Equifax – the consumer credit reporting agency have had their data breached by hackers. The agency has information on more than 800million consumers. Alongside Experian and TransUnion, it helps form the three largest credit agencies in America. The breach happened between May and July of this year. So, who is at risk, what details have been accessed and what are the next steps?
At some point between May and July 2017, hackers accessed data of 143million consumer’s personal data through Equifax. The breach was discovered at the end of July. In a disturbing assertion, Dan Goodin of Ars Technica stated this breach is ‘very possibly the worst leak of personal information ever’. Further controversy has followed the company, when it was revealed that three Equifax executives sold $1.8million of their shares in the company just days after the breach was discovered – well before the breach was made public.
What details were compromised?
Personal data such as full names, dates of birth, social security numbers, addresses and even some credit card credentials were breached. These are highly sensitive details, and typically details that banks or insurance companies would use to confirm a consumer’s identity. Therefore the severity of the breach cannot be underestimated.
So who is at Risk?
Initially it appeared that only US citizens had been impacted. However, Canadadians and citizens of the United Kingdom are also at risk. Up to 143million U.S. consumers had their details breached, with those in Canada and the United Kingdom being impacted considerably less.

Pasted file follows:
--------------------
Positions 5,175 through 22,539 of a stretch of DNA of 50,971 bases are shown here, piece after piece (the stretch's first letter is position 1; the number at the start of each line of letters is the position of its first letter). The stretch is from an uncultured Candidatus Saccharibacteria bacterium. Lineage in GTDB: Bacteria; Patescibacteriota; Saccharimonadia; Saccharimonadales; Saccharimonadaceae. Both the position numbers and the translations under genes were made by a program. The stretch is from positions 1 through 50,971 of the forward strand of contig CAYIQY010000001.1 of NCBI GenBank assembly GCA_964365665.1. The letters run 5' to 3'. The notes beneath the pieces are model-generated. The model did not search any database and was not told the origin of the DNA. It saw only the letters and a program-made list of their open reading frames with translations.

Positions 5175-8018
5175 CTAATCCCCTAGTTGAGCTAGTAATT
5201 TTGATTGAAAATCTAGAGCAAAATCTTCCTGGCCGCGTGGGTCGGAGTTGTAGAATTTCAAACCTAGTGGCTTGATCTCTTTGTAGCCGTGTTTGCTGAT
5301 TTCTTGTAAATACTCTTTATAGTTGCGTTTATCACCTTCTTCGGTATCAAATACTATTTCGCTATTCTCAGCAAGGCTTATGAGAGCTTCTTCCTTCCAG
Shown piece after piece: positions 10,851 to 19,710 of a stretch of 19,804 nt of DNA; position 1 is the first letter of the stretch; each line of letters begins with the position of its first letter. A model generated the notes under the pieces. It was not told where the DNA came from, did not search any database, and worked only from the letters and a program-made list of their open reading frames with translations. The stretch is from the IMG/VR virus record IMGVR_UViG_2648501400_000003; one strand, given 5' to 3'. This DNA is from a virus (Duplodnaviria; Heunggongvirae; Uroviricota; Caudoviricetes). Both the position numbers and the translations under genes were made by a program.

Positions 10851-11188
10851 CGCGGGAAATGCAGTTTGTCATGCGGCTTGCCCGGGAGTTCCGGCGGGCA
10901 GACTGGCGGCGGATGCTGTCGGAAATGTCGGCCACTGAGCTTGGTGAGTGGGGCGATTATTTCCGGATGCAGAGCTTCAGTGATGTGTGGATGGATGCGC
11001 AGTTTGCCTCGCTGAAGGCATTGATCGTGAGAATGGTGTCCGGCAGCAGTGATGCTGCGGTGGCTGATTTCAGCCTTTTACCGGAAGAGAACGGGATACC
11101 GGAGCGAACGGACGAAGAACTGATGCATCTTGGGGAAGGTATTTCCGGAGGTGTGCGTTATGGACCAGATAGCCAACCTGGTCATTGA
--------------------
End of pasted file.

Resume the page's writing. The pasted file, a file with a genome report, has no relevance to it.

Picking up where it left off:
Equifax stated in September that they had hired cybersecurity firm Mandiant – subsidiary of FireEye, to investigate the intrusion. Shares of the company dropped by 13% upon news of the breach. Since then, their shares have largely struggled. For anyone technologically-oriented, Equifax suggested the breach was caused by a failure to apply a relevant security update two months prior to the breach. For a full statement from Equifax, with several details, click here.
Equifax have said that they will contact those whose details are at risk. Equifax have set up a website, which is now acting as a hub for key information on the case. This is available here. Helpfully, you can also enrol for a ‘complimentary identity theft protection and credit file monitoring’ if you think you are at risk. Again, Equifax have set up a website to facilitate this process – Click here to access this site. It is expected that a class action lawsuit will be launched soon, which could turn out to be the biggest of all time. It is well worth entering your details on the Equifax website, to check if you are at risk. Feel free to post any questions in the comments.